The hook: As was only befitting a grand ball, last night was chockablock with outstanding music. Though there was plenty of intrigue and betrayal, it was the whirlwind of sexual politics that provided the most musical fodder. In two back-to-back sequences, Damon Salvatore (Ian Somerhalder) breathlessly watched Elena (Nina Dobrev) enter the party to the aptly named “Devotion” by Hurts, and Klaus (Joseph Morgan) set his sights on Caroline (Candice Accola) to Trent Dabbs’ “Wrap My Mind Around You.” Of course there was that moment when Damon ravaged minxish Original vampire Rebekah (Claire Holt) to the tune of “Up in Flames” by She Wants Revenge. But the winning song selection of the night went to Yorkshire singer-songwriter Sheeran’s beautiful acoustic melody, which provided the basis for a gorgeous set piece as 1,000-something-year-old Klaus invited partygoers to partake in what music supervisor Christopher Mollere called ” a very Pride and Prejudice-style waltz.” The moment was intricately visually choreographed, jumping between two Salvatore brothers with Elena, then to Caroline, back to Damon with Klaus’s vengeful sister, and around and around the floor. Every character got his or her moment, and the roiling relations between the various characters played out Sheeran’s lush vocals.

Watch it! “Dangerous Liaisons” won’t be available online until next week, but you can listen to a stripped down (just like Damon and Rebekah) version of “Give Me Love” on YouTube as you read Mandi Bierly’s recap.

NEXT: Trick in a box on Revenge, The Good Wife dance music, sunglasses and swagger on Royal Pains, and a Lying Game heart-to-heart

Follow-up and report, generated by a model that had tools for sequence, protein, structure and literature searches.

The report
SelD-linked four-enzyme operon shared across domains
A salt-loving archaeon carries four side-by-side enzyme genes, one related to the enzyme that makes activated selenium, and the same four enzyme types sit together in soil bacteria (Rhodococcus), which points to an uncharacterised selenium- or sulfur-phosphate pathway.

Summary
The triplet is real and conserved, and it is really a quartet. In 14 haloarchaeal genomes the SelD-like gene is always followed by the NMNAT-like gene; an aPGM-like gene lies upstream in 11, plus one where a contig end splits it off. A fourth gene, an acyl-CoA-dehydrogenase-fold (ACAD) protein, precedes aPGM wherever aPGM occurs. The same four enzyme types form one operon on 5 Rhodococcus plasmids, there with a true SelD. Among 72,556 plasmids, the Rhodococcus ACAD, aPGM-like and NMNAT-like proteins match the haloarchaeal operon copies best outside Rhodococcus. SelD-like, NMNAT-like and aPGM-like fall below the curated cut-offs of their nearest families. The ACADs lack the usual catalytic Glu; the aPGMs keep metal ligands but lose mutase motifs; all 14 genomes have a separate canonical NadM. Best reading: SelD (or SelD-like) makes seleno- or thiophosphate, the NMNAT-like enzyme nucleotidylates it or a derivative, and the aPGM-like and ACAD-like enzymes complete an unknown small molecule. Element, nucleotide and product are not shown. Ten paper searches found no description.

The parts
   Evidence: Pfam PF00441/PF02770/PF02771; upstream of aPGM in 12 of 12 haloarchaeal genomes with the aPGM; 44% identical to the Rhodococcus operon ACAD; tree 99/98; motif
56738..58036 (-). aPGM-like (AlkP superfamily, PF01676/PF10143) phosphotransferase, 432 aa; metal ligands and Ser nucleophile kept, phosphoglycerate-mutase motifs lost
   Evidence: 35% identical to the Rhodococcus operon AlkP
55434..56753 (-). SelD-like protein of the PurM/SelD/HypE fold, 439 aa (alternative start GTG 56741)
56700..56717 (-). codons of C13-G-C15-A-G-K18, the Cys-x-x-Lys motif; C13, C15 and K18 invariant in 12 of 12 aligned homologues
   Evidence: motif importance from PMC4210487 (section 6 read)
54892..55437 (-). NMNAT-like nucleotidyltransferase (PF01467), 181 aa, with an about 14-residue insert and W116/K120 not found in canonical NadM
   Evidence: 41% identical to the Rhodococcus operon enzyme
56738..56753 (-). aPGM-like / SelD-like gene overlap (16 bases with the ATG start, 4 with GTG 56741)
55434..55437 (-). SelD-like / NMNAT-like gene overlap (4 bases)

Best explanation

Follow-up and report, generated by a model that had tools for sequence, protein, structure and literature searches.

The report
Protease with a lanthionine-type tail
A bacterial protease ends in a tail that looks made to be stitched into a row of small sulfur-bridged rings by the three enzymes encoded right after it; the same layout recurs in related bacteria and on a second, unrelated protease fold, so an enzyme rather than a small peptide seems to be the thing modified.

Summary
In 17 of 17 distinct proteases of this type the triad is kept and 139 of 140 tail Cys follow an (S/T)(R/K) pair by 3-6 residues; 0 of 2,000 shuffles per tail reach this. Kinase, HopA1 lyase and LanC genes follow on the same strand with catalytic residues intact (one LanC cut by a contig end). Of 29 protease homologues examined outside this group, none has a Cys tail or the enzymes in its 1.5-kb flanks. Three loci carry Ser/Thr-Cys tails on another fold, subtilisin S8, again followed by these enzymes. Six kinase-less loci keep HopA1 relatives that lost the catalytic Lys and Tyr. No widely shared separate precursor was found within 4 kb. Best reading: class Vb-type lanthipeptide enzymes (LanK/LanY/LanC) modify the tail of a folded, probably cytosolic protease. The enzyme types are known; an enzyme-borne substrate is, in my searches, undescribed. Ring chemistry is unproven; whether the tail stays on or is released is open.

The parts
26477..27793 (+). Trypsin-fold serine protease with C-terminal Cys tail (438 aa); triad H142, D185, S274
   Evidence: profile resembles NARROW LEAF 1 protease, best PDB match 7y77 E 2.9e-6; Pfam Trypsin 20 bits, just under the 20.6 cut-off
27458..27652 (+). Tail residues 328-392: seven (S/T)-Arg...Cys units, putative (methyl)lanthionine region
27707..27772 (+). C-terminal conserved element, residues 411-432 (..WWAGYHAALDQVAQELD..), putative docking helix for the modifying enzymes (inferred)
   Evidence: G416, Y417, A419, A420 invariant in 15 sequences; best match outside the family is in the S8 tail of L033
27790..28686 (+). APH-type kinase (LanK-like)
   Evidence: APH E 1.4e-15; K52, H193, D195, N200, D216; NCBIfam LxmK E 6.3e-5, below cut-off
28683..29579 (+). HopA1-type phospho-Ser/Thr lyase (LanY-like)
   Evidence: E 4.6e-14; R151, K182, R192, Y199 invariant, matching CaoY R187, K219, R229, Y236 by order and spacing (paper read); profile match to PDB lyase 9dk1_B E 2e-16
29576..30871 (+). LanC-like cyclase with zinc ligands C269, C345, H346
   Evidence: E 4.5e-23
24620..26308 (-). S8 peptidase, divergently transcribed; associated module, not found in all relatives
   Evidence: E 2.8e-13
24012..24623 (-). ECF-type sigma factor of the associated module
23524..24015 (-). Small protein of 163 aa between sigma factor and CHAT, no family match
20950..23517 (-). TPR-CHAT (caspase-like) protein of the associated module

Credit: Lewis Jacobs/NBC


The song: M83, “Wait”

The episode: “Perception” (114)

The hook: The stars of Revenge were listening to M83 when they teased jaw-droppers from the second half of the season for our Jan. 27th cover story, so it’s only appropriate that Anthony Gonzalez’s song would underlay one of the show’s most shocking cliffhangers yet (and, for this addictively soapy drama, that’s saying a lot). The melancholic ballad provided texture to Charlotte Grayson (Christa B. Allen), who was dejected after discovering the man she believed to be her father was not, in fact, her biological dad. It also complemented the complicated mix of longing and betrayal felt by Jack (Nick Wechsler) for his childhood sweetheart. At its crescendo, the French songster’s plaintive primal wailing gave sound to what must have been going on in the mind of vengeful, scheming Emily Thorne (Emily VanCamp) when she realized her Pandora’s box of intel and ammo had been stolen from its secret hiding place. Gonzalez invites listeners to “give your tears to the tide,” and when Emily’s fiancé’s body is found near the Hamptons surf next week, surely that’s what she’ll do.

Watch it! “Wait” begins at 39:32 on Revenge‘s Hulu, but you’ll need to know the ins and outs of this week’s multifaceted betrayals to grasp the moment fully. Luckily, Christian Blauvelt’s recap is here to help you out!

Credit: Lewis Jacobs/NBC


The song: Audra Mae, “Here I Go Again”

The episode: “Another Ham Sandwich”